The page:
Unlike MySpace, individual Facebook Profiles are typically inaccessible for strangers, eliminating the privacy problems faced by the former. Groups, on the other hand, are more often than not publicly accessible, and it is a common practice for friends to create Groups in memory of the dead. These Groups facilitate collective remembrance much like those on Tribe, enabling the dissemination of information and encouraging commemoration. Due to the ease with which Facebook enables the sharing of various forms of media, I regularly came across a plethora of homemade videos, captioned photographs, and shared links to online news articles that serve to commemorate and preserve the deceased, encapsulated within the online shrine of a Facebook Group. Additionally, Group members will often Comment on these individual objects of memory, as well as share memories, poems, and other sentiments on the homepage of the Group itself. In fact, it was through coming across (via headlines on my News Feed) just such a Group, joined by 29 of my Friends, that I learned of the death of an old high school acquaintance. Such Groups, like those on Tribe, provide a means of collective remembrance that serves to strengthen community bonds (though rather than communities based on shared interests or lifestyles, communities on Facebook typically represent college campuses and high schools).
Though I’d barely known Chris, I felt proud of my friends for respecting his memory in a manner truly befitting of our “digital generation,” and thankful for the medium that allows the deceased to be commemorated by people who were connected to him, regardless of geographic distance or how much time had elapsed since they’d last communicated with him. The stories and photographs shared about Chris helped me get to know this person who was a cherished member of the community I grew up in. In the same vein, Celia was able to learn more about her brother’s girlfriend, whom she had met only twice. Though she was thankful “that people have this venue to honor/remember/communicate with her by,” the content of the messages posted did not sit well with her:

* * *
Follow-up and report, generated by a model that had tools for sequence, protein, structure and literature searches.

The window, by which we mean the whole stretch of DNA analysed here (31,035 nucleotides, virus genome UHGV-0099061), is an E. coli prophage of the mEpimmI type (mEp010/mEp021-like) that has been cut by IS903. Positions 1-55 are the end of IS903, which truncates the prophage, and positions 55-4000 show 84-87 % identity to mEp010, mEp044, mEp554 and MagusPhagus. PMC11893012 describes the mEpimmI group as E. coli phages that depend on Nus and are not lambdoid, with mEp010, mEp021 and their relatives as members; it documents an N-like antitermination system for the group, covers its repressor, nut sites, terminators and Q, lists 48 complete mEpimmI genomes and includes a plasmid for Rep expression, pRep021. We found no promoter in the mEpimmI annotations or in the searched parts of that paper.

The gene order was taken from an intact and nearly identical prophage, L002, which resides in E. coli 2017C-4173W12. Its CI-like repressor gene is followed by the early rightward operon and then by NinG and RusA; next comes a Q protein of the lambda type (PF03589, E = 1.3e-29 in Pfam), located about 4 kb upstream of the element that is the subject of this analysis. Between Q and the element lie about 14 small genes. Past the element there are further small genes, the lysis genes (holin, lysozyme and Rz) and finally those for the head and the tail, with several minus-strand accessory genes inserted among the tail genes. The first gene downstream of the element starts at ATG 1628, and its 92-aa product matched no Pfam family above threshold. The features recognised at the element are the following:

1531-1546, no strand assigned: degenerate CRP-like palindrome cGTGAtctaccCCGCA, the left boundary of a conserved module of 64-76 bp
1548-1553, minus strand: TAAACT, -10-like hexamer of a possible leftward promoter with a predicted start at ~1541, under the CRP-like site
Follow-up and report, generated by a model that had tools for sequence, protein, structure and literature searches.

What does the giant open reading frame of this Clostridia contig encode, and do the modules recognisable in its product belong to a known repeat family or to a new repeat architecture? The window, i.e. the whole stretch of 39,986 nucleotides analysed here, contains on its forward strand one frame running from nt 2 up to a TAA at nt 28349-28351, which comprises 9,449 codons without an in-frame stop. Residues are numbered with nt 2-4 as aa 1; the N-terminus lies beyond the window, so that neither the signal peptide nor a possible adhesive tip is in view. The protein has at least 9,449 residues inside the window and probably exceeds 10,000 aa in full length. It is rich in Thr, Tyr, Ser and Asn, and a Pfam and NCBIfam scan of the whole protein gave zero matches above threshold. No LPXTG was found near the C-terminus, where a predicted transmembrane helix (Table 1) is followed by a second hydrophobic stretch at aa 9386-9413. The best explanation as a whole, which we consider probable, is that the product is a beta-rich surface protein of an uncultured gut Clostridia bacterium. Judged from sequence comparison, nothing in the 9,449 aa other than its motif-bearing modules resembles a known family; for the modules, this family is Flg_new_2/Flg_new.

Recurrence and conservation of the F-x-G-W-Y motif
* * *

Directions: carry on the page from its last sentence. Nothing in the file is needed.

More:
As is evidenced also on MyDeathSpace, the public nature of online memorials enables others to pass judgment on the deceased on the basis of mediated information. “In the end,” Celia concluded, “I didn't approve of her lifestyle or values so I'm most saddened by the fact that she would probably approve of this as a form of remembrance.”
Despite Celia’s distaste for the site, it is clear that many feel strongly about the medium as a way of honoring the memory of the deceased. Facebook’s policies regarding the status of deceased members’ Profiles have been the subject of much controversy. Originally, their policy was to “memorialize” such Profiles, removing them 30 days after becoming aware of member deaths (Walker 2006). However, following the murders of 32 students at Virginia Tech, this policy was revoked, allowing Profiles to remain (in a “memorialized state”) indefinitely . The campaign behind this change was spearheaded by John Woods, a friend of the fallen students, who organized a Facebook Group entitled “Facebook Memorialization Is Misguided: Dead Friends Are Still People” that amassed 2700 members in two weeks. Despite the change in policy, the Group continues to be quite active with 1,518 members (as of April 2008). The Group Description lists the following current issues:
The founding principle behind the group is that dead people deserve to “live on” through Facebook, just as they do in the memories of others. Furthermore, many Americans believe that those who have died continue to look after those they have left behind from heaven. "I went to it and saw how many people are still leaving comments about missing her, wishing her happy birthday, and just saying random things that they would say if she were still alive," Lewis wrote. "I find this so touching and I'm sure that she does to, up there in heaven (as cited in Stelter 2006)." Interestingly, I rarely came across instances of communication between members of these Groups, whereas interpersonal support is prominent on Tribe.net. This is likely due to the fact that Facebook networks are spatially-bound representations of offline communities, and thus grieving friends likely provide support for one another in face-to-face contexts.